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Oklahoma....where the wind is REALLY coming down the plains
Two summers ago I did a lesson on international foods with clay. I sent
questionaire home with each of my 80 students asking parents to sit with
their children and fill it out. I asked for an ethinic food which had
handed down in their family. I asked questions about when the food was
served, the ingredients and special stories about times when they'd had
or the person whose recipe it was. (Everyone came up with something
little prodding. One child who claimed no ethnic heritage in spite of
family discussion decided that turkey and mashed potatoes was their
family's special dish because it was always made for special events like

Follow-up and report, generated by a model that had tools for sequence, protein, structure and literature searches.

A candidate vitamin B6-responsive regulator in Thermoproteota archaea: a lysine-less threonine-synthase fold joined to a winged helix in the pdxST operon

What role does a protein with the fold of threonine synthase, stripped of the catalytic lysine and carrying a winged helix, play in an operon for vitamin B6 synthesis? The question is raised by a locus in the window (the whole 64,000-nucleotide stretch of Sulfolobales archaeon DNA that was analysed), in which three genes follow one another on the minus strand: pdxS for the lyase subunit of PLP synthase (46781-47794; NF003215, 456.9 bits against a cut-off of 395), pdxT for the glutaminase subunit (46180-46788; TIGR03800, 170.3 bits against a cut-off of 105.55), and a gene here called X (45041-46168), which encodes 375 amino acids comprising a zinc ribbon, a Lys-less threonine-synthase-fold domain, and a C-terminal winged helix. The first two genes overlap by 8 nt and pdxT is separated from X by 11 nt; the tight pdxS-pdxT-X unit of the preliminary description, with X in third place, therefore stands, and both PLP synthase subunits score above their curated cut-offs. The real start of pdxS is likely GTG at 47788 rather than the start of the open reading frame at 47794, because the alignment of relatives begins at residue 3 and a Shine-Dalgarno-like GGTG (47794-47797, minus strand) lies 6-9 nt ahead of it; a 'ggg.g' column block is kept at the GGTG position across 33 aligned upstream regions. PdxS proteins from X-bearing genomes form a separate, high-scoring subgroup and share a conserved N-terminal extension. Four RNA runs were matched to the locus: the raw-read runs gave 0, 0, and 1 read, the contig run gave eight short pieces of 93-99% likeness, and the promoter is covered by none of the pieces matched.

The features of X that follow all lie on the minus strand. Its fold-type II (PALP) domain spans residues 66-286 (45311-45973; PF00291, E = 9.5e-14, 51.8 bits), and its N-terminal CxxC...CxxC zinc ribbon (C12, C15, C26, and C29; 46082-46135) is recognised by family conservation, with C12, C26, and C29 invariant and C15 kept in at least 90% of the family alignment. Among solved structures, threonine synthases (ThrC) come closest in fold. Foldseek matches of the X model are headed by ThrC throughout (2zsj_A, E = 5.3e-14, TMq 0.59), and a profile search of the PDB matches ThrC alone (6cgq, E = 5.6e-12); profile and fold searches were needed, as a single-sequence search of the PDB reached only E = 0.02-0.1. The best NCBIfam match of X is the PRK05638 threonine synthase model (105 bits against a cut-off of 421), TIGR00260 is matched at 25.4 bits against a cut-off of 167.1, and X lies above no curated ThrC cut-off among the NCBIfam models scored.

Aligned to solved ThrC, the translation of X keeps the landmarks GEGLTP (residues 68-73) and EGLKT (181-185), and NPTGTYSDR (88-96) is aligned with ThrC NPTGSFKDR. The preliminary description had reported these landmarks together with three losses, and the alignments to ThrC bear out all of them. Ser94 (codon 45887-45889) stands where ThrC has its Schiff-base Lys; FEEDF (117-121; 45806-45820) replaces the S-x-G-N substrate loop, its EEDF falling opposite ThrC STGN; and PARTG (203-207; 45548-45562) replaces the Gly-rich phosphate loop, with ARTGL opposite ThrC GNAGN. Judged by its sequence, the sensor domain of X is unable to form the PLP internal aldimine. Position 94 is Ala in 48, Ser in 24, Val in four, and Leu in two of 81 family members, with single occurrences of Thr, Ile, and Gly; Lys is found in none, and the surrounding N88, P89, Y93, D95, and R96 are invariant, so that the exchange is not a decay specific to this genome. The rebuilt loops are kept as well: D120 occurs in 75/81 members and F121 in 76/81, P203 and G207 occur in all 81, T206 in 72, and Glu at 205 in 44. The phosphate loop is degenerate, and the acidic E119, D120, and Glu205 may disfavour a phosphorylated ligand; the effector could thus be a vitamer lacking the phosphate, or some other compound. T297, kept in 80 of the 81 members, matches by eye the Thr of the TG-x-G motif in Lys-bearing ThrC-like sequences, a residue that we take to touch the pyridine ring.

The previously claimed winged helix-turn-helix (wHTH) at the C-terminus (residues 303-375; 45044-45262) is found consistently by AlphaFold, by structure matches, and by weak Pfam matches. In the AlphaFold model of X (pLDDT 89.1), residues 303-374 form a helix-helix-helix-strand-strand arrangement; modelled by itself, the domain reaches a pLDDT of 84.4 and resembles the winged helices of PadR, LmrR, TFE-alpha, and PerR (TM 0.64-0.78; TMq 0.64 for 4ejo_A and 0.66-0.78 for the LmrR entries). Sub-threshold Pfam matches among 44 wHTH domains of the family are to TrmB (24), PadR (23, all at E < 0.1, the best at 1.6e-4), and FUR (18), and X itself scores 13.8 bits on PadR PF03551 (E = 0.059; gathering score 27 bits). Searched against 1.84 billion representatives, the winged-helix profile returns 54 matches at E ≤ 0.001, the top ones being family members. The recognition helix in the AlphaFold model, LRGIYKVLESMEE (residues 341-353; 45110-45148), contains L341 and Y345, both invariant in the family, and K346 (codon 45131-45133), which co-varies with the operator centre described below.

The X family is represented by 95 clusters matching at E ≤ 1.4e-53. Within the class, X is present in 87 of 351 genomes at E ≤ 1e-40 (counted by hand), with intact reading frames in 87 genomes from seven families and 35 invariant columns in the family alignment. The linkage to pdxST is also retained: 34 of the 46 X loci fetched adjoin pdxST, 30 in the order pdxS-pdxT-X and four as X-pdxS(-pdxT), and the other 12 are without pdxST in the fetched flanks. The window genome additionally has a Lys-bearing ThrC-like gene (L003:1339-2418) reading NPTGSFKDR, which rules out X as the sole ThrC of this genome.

holidays and birthdays!)
We eventually made the foods out of clay and created a special serving
plate to put it on. There was a lot of dialogue between the students
while they worked. This sharing interchange between kids was wonderful.
learned a lot about foods, various cultures and about each other.
At the end of our summer program, I featured the foods on a long banquet
table with a nice table cloth, candles and flowers. Foods were grouped
country and if a story or special information had been submitted, I
it next to the dish. I even convinced a few parents to make some of the
dishes for us to try. The display was a big hit and I learned that
is a lot of cultural diversity right in our own backyard (even in a
white suburban school).
>Give me ambiguity or give me something else.
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